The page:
"The water thing is a big deal for us," she said. "Sufficient pressure of the water is necessary for a lot of things we do."

Talbot said surgeries had been canceled for the day and that Friday, being the day of the week when many patients are released, was busy as health workers helped patients get out to vehicles and safely home.

As for water to patients' rooms, Talbot said there was water service on the first floor and that she was not aware of any water pressure problems elsewhere in the building. She said the hospital had reached out to County Judge Gerald Robinson in case the hospital needed additional help.

Talbot said she hoped that, with the rising temperatures, conditions would improve with the water system, adding that hospital officials were proud of their employees.

"Our team pulled together," Talbot said. "Our facility crews have been here nonstop in order to keep everything going. First, there was covid, then 18 to 22 inches of snow and now this. It's never dull."

As for the firetruck, Talbot thanked the Fire Department for its help.

"Nothing was on fire," she said with a laugh. "They were just trying to assist us with our water issue."

At the University of Arkansas at Pine Bluff, classes were canceled Friday "due to reduced water pressure levels on campus," according to a memo from the administration to the campus community.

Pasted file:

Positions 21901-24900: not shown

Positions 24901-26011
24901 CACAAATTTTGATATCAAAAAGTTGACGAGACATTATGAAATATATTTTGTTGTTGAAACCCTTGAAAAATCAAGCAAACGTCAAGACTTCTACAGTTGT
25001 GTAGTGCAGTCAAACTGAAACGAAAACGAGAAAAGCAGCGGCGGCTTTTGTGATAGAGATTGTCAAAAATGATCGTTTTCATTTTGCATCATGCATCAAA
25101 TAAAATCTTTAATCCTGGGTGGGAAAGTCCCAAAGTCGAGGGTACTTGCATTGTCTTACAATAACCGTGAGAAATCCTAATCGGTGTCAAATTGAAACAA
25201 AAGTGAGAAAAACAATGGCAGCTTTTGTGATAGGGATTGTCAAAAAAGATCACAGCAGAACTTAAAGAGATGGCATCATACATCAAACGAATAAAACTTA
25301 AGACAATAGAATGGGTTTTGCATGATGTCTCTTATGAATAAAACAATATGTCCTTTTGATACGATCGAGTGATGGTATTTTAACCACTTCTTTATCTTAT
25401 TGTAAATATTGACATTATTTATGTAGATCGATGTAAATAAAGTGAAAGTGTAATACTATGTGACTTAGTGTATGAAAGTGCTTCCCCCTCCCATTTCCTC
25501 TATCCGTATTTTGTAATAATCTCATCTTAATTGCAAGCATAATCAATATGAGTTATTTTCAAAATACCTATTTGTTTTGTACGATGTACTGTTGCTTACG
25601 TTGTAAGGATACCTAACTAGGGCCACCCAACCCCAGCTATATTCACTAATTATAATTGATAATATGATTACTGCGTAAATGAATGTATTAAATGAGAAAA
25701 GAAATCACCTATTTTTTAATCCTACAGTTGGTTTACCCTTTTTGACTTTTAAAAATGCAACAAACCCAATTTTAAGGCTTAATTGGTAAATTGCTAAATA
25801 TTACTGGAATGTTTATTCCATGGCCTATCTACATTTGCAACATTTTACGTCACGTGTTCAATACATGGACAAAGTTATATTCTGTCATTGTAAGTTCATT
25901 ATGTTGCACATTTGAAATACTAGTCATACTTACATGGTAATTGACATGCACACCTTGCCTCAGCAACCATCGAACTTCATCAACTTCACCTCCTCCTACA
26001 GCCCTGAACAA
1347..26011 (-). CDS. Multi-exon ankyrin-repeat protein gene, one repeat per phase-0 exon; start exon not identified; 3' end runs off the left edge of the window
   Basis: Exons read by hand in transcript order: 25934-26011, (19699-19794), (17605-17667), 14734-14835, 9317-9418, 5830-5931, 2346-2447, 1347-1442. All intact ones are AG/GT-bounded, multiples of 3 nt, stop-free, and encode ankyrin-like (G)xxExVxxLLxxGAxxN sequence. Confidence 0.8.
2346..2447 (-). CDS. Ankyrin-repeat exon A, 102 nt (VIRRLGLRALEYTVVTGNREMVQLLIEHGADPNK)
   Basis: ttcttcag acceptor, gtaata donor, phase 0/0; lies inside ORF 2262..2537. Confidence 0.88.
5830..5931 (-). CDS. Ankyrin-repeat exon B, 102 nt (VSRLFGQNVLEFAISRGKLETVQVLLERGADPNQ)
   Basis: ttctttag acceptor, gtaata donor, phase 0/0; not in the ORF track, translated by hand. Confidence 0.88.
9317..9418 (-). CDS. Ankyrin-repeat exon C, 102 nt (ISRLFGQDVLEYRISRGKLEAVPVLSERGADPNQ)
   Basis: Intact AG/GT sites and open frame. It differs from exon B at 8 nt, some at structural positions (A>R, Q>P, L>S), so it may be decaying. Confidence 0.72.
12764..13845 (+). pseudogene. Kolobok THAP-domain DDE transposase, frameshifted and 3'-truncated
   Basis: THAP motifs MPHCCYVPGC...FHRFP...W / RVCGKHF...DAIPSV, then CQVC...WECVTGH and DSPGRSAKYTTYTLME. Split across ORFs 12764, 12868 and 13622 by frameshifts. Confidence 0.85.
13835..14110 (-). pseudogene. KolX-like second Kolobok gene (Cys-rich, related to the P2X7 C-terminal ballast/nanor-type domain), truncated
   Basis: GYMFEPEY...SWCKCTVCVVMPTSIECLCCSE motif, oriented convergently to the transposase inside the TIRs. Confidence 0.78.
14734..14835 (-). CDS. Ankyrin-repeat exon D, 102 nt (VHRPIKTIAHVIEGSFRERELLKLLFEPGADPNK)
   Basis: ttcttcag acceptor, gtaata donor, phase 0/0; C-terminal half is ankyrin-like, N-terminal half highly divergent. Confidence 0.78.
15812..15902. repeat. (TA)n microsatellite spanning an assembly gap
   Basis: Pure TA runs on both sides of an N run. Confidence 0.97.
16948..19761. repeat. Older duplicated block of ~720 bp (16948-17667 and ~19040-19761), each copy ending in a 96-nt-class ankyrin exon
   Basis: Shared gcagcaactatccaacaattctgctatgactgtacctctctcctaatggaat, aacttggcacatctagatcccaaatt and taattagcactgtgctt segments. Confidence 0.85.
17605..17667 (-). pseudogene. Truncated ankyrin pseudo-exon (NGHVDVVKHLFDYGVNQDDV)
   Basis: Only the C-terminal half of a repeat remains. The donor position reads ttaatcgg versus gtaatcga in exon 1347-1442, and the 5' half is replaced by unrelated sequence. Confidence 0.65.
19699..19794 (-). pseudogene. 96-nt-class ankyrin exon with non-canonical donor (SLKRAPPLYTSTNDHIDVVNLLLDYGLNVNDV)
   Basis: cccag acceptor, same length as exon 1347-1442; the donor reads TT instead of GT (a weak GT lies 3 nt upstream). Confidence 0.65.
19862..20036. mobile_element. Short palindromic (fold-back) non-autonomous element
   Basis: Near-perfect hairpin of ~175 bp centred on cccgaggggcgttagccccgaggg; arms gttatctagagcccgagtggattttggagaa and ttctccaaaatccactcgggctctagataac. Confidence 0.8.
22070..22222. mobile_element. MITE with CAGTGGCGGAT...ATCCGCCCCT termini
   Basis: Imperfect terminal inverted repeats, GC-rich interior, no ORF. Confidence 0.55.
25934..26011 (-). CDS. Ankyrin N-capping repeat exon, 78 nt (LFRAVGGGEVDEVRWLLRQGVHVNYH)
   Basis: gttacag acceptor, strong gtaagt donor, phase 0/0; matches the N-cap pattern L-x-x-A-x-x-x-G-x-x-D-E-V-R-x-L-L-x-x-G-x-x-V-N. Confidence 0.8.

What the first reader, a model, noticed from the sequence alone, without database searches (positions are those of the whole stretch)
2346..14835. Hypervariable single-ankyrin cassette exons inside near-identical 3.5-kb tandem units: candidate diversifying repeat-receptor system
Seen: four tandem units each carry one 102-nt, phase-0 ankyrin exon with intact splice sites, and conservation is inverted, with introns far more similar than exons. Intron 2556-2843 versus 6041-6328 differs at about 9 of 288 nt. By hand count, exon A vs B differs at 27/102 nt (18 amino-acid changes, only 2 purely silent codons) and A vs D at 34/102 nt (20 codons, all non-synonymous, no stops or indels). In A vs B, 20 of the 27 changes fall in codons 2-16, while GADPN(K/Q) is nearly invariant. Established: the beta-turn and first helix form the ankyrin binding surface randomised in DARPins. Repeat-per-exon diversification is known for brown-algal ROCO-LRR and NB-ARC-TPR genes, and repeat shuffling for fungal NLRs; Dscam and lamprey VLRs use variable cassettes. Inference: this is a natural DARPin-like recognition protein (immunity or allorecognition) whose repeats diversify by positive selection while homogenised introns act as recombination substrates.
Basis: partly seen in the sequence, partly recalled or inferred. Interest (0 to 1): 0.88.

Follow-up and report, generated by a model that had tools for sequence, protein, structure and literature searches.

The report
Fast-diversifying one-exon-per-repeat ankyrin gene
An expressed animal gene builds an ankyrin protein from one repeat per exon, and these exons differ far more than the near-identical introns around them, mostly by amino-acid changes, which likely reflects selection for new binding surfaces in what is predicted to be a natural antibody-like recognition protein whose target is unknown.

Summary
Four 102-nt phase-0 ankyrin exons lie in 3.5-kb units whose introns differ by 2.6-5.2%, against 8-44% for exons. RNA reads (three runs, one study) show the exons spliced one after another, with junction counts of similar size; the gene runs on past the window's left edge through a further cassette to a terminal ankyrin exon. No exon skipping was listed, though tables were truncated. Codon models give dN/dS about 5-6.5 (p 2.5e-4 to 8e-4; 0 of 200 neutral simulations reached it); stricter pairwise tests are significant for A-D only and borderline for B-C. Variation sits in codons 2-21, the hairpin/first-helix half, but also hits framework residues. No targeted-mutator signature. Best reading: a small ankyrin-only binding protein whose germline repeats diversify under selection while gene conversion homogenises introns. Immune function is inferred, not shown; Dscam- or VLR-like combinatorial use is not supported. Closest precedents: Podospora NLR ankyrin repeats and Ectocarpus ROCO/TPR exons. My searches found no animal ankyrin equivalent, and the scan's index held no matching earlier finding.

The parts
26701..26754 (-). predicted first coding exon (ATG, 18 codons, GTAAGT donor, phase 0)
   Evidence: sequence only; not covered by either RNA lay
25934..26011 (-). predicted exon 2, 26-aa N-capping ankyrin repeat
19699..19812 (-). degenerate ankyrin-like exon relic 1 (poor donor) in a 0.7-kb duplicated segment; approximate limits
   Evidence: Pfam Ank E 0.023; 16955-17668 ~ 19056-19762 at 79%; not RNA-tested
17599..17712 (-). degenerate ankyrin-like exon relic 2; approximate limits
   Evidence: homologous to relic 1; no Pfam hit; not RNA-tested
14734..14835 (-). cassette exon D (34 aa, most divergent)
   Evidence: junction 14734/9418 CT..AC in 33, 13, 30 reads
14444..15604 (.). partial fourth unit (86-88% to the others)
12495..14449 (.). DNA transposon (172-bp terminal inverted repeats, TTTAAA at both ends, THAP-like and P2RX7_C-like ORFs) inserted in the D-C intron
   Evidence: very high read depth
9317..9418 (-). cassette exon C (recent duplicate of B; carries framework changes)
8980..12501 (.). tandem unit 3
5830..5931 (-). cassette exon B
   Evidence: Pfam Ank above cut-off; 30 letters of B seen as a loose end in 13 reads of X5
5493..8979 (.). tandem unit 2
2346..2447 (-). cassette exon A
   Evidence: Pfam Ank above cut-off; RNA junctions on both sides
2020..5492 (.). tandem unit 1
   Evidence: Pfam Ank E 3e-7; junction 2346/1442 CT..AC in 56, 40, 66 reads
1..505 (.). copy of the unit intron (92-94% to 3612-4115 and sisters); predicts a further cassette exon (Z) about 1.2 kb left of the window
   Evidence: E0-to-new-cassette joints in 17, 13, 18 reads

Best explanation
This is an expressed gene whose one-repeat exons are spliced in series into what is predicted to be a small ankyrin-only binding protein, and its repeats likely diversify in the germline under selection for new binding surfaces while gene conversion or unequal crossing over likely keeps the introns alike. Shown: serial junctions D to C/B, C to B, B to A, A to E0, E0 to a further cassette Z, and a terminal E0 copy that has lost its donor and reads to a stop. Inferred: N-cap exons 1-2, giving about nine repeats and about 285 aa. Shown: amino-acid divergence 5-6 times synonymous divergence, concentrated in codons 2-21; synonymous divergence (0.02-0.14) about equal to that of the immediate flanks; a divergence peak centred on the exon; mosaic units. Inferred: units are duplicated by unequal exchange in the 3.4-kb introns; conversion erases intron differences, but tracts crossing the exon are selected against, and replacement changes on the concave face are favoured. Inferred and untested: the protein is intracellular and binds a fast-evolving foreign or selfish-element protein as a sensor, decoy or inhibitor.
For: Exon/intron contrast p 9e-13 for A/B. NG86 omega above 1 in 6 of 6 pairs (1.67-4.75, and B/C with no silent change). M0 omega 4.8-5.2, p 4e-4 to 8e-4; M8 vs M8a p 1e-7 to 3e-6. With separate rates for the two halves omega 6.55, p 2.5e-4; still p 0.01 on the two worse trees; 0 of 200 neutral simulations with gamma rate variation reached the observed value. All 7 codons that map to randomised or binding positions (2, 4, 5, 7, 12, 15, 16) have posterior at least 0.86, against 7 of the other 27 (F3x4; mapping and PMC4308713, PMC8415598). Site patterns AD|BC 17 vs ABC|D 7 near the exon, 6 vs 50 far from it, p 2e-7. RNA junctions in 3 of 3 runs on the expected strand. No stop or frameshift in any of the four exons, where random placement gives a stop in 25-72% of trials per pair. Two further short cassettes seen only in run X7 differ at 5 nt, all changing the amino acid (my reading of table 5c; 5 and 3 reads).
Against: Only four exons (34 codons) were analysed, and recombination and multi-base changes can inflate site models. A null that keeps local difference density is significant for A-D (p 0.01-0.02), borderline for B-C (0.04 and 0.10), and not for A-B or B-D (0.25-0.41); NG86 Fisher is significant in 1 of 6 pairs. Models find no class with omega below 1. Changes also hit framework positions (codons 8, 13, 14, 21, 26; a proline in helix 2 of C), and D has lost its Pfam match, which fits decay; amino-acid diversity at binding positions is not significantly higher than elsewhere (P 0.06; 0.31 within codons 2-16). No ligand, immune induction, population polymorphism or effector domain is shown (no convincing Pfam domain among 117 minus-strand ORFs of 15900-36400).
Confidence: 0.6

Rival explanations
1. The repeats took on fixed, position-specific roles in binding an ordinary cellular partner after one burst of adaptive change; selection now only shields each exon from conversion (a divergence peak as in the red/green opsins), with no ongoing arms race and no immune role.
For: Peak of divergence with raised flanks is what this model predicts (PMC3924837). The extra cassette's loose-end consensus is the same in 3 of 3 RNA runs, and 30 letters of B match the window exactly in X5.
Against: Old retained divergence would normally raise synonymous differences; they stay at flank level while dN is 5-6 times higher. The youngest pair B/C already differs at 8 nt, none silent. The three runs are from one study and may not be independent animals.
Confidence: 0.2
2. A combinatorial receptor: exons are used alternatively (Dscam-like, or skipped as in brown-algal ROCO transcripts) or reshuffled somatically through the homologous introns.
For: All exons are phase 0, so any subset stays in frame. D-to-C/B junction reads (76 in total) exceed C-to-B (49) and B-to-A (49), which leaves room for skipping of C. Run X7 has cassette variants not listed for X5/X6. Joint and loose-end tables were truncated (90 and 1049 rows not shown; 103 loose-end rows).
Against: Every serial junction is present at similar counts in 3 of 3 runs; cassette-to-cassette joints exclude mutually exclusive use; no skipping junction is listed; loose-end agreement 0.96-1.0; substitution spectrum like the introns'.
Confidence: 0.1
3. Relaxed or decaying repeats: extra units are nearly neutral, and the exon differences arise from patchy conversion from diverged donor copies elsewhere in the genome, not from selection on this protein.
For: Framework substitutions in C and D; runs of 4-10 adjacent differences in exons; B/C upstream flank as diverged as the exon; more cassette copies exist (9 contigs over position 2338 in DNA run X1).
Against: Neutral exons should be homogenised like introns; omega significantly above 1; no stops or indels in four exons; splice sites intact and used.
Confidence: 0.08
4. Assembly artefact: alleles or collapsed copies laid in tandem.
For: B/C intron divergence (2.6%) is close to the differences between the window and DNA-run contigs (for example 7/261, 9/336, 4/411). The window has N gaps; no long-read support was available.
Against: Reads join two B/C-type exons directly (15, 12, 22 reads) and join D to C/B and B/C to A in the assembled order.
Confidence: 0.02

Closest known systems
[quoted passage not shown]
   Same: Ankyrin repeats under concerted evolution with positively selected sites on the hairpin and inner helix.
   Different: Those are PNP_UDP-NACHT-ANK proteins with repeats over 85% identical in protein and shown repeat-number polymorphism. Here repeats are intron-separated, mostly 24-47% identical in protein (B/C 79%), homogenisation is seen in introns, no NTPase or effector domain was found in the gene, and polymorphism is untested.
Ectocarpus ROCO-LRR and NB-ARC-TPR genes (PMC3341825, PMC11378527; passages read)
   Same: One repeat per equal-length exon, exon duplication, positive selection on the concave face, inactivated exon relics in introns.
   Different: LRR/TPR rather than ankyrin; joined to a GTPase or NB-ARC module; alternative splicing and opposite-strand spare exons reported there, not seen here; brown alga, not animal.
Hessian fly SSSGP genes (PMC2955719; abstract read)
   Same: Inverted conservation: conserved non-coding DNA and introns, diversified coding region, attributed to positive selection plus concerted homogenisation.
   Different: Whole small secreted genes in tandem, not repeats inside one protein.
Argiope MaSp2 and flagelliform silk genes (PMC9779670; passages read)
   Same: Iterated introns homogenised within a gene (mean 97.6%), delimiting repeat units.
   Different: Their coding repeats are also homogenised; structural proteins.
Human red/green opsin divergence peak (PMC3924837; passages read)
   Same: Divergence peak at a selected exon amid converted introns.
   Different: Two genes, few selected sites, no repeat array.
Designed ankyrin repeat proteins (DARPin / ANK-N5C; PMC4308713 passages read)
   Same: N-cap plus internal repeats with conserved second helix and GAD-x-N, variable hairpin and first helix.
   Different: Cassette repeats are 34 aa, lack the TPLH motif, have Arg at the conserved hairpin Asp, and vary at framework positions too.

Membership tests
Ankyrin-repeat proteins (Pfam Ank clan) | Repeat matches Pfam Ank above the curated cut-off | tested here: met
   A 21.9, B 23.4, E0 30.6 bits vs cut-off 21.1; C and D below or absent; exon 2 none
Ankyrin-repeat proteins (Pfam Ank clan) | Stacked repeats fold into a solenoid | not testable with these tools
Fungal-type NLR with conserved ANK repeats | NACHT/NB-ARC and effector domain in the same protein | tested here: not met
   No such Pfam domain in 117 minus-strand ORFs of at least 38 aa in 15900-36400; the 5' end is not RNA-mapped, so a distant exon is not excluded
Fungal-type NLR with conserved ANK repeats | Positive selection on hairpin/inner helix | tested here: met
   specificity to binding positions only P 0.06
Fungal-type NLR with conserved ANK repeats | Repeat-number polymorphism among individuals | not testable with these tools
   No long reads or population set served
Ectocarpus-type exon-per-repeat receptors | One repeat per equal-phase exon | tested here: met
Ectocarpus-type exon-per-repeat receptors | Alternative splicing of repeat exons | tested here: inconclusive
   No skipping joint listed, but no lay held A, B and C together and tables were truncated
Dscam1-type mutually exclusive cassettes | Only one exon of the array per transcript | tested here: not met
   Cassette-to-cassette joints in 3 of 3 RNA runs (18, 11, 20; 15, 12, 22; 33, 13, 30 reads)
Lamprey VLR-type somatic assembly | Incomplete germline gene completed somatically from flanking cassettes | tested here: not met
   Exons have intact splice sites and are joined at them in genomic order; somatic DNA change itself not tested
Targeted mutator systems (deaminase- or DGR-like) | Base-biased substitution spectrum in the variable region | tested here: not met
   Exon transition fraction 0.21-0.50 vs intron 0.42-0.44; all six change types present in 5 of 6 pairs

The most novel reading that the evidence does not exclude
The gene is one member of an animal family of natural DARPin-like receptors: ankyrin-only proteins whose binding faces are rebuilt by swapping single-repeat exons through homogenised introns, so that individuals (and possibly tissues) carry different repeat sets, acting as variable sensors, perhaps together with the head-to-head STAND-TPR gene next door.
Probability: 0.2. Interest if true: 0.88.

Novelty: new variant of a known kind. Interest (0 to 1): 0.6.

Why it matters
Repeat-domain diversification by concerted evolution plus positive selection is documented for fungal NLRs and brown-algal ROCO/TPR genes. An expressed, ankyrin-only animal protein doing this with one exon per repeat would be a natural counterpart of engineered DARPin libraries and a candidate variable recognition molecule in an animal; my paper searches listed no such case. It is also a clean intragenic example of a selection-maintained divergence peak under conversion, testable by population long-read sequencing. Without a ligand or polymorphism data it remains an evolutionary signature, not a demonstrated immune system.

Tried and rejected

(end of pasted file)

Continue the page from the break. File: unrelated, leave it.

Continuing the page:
"Our Facilities Management team, the City of Pine Bluff, and our utilities company are working to resolve the problem in an expeditious manner," the memo said. "Thank you for your patience."

On Friday morning, Liberty issued another statement to customers, reiterating much of the information previously released.

"While water pressure has decreased, a water boil advisory is still not required at this time," the statement said. "We will update customers through local media, our website, and a customer email to customers who have email addresses on file should that change. We have received reports of some businesses and residents who are experiencing minimal water pressure. We would like to thank the Watson Chapel Fire Department for their assistance in helping improve water service conditions at Jefferson Regional Medical Center during the night. We would also like to thank the Pine Bluff Fire Department for their continued assistance as we work through this emergency."

The statement said the utility had not experienced a water main break as far as it knew.

"Our crews are patrolling the city actively looking for possible breaks," the statement said. "The prolonged bitter cold and increased demand continue to stress our system."

The utility went on to ask residents for help in identifying waterline leaks and breaks, and for help in conserving water.

"We also encourage our customers to conserve water where safely possible," according to the statement. "Please note -- customers concerned about their water pipes breaking or freezing should continue to protect their water pipes by leaving cabinet doors open to allow for additional heat and a small amount of water dripping from the faucets."

"We are grateful to our customers for their efforts to conserve water and report water leaks and breaks. The extreme weather conditions are challenging for all, but our crews won't stop until water service is returned to normal. We will continue to provide updates as they become available."